OCD Hypnotherapy in Salisbury, Christchurch and New Forest
Inspiring ChangesHelping You Change Your Life
Obsessions & Compulsions
Elements of obsessions and compulsions can overlap with habits and addictions; they are all simply labels. You are unique and the therapy will be tailored specifically to you and the issues affecting you.
Whether you are affected by any or indeed a combination of all of these, through the use of hypnotherapy and other psychotherapy techniques, we can work together to change this. We can identify the triggers and alter the responses to those triggers to so that they become positive ones. We can investigate ways to reduce the occurrence of the trigger, change our self-beliefs, create positive thinking and learn how to relax possibly by the use of self-hypnosis. We can also identify the root cause of the problem and in doing so deal with this effectively so that the problem is resolved permanently.
An idea or thought that continually preoccupies or intrudes on a person’s mind.
An irresistible urge to behave in a certain way, especially against one’s conscious wishes.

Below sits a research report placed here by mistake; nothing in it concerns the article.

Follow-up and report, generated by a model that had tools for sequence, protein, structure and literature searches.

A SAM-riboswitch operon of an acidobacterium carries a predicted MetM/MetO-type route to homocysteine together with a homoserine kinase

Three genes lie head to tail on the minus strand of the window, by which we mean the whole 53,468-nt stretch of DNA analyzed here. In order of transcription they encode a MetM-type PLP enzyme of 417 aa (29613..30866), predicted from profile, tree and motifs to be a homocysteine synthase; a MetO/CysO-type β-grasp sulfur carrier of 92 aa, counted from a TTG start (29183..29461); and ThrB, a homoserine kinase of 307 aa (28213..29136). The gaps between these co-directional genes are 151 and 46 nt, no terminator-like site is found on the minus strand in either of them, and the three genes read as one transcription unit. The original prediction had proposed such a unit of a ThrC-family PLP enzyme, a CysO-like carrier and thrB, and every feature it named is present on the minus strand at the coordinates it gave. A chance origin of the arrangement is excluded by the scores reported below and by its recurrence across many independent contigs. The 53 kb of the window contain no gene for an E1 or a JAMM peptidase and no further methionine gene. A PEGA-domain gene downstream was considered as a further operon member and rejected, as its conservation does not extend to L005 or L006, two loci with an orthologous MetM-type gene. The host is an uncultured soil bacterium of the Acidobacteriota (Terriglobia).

There are numerous obsessions and compulsions and associated behavious that clients have come to see me for help with. Here are just some examples:
Hair Pulling (Trichotillomania)
Obsessive-Compulsive Disorder (OCD)
Constantly Washing Hands
Carrying out Rituals
Obsession over Cleanliness/Tidiness
Obsessions & Compulsions
Obsessions and compulsions are not the same thing.
With an obsession, you may constantly be thinking about doing something or worrying about something. For example, someone who is obsessed with cleanliness and germs may have an all-consuming desire to wash their hands. However, once they have done this, the worry doesn’t disappear but continues to play on their mind and all they can think about doing is going to wash their hands again. There is no relief for someone with obsessive behaviour or thoughts. It dominates their life. It can affect both men and women and generally those who are perfectionists.
Someone with a compulsion does at least get some relief once they have carried out the compulsive behaviour; however, they often tend to feel guilty afterwards about their behaviour. An example of compulsive behaviour may be someone who compulsively over-eats. They binge on food, feeling an immediate satisfaction as they do so but then feel guilty afterwards and promise to themselves they won’t do it tomorrow. Unfortunately the pattern continues day after day.
Woodland View, Loosehanger,
Lover, Wiltshire, SP5 2PS.
M-F: 9.00am – 5.30pm